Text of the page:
Our study found that community-dwelling older adults who experienced a fall in the past 2 months had poorer ANS function, anxiety, and were more dependent in instrumental activities of daily living.

Previous studies have also reported fear-related activity avoidance and increased feelings of anxiety and symptoms of depression among older fallers [8, 10, 28]. Fallers may develop fear of falling that further impede their physical activity and reduce mobility [29,30,31], muscular strength, flexibility, gait and fitness, ultimately worsening their physical performance and increasing future fall risk [32, 33]. Furthermore, fall-related injuries resulted in the inability to socialise and mobilise, leading to increased dependency on family caregivers to maintain mobility, with additional deleterious effects on psychological well-being among fallers [34].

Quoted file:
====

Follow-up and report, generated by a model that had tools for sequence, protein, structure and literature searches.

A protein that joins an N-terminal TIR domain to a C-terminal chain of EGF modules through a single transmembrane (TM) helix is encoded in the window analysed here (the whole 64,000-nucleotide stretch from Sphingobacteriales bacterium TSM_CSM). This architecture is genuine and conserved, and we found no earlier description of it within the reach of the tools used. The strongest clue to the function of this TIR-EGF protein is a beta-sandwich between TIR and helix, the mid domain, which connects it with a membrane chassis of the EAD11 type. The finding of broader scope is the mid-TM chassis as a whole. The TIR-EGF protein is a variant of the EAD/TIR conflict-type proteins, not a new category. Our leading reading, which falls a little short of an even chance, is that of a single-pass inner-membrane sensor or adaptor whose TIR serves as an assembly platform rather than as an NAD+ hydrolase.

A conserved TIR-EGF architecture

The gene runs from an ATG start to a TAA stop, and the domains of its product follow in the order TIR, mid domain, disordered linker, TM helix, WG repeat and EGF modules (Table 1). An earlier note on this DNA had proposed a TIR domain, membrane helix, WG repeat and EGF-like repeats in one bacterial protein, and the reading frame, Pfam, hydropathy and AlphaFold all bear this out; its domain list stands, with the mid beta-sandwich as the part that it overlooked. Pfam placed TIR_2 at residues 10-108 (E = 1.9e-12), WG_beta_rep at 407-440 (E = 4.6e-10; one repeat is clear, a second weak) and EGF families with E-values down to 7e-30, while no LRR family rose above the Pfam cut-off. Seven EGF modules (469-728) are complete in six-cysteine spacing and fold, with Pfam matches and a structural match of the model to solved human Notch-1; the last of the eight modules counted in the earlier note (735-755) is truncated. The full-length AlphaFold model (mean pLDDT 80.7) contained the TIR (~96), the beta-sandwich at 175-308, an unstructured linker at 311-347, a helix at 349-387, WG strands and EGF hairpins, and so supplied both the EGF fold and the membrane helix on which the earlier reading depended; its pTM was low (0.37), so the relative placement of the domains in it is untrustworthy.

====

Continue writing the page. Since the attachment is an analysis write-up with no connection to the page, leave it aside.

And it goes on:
In the supine position, significantly higher time and frequency domain were observed among fallers. These observations reflected an impairment in sympathetic and parasympathetic branches (sympathovagal balance) as well as blunted baroreflex sensitivity [35,36,37] among fallers. On the contrary, fallers demonstrated lower low frequency to high frequency (LF/HF) and low-frequency (LF) SBPV during upright posture, which may suggest a reduction in BP control reactivity during standing [6]. This may be associated with age-related conditions such as arterial stiffness or autonomic dysfunction [38]. Similar findings have also been observed in a previous study [6]. A reduction in BP control during standing could explain the susceptibility to falls among the fallers group, as fall events are usually associated with reduced ability to maintain the centre of gravity.